We look at this problem from 3 angles. Local language software or solutions should be able to help customers to three basic things

  • Read and write effortlessly in their preferred languages
  • Search for content/products on websites or portals
  • Transliterate words from English to their language without losing its meaning or context.

Many argue that this is a technology problem and that well-written software can address the language divide. However, we, at Reverie, look at it as a user experience problem. We believe that a non-English user deserves to be given the same variety and treatment as an English user while he is surfing or writing or posting using local language software. Our multi-lingual keypad Swalekh was born out of this need. This keypad enables users to not only write in their preferred language but switch to multiple language effortlessly while typing the same message. There is also a mode in which users who may speak a particular language but may not know the script of it can also type in that language. They key in their message using an English keyboard and it automatically gets translated in their preferred language. The predictive text typing support provided in this app is best in class.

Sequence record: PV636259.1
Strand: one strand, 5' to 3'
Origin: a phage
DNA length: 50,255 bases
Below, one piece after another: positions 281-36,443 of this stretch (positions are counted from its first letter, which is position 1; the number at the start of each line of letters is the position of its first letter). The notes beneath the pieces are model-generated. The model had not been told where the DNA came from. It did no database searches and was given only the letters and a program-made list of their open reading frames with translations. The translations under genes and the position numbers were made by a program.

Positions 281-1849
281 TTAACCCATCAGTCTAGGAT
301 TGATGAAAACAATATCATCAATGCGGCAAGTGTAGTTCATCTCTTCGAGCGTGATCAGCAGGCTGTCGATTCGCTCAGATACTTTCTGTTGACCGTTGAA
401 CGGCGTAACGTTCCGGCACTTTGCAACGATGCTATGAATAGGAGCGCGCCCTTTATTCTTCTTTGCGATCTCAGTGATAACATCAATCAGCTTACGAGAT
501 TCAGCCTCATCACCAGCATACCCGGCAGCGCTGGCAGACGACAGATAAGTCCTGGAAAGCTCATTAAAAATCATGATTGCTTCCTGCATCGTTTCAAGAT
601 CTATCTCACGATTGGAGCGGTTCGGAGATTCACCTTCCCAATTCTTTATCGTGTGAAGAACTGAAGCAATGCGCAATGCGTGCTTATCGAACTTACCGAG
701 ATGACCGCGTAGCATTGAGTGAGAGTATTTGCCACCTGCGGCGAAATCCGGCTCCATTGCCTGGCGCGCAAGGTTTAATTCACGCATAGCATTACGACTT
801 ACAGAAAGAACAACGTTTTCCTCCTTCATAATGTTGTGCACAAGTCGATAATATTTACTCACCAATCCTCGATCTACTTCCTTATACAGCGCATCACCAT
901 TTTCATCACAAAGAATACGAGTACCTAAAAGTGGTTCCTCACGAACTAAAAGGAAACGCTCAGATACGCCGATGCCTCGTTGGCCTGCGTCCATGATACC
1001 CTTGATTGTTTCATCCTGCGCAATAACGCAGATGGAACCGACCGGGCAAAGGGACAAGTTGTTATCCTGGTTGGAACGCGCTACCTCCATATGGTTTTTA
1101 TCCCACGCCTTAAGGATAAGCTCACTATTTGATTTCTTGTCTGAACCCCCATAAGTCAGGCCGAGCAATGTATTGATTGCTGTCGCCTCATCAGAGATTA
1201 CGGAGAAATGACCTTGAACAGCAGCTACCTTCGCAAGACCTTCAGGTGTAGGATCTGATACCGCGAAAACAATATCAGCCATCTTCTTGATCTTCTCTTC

In conclusion, I would like to congratulate DeitY for announcing such an impactful move. This will surely accelerate not just the Internet users growth in our country, which is already fastest growing in the world but also how richly these users use the Internet. Digital India is a step in the right direction. I believe we have the right decision makers in power who have realized that there is a problem that needs to be addressed and are taking steps to ensure that every Indian citizen who wants to be connected on the Internet should have the power to surf, read, post and share as per his preference and not the companies decided for him.

Author

Arvind Pani

Community
Arvind Pani is the co-founder & CEO at Reverie Language Technologies Pvt. Ltd., a Bangalore-based company that is into the local language space. Arvind is on a mission to bridge the digital divide between local languages and English by ushering language equality through stellar language experience. With this goal in mind, he has led Reverie to a market and thought leadership position in language technologies. A graduate from NIT Rourkela, India. Arvind had rewarding stints with Intel, L&T John Deere, and Steel Authority of India Ltd. before he started Reverie to pursue his dream of bringing local language Internet to the masses. He is a music aficionado, and has built a vast and enviable music collection over the past two decades.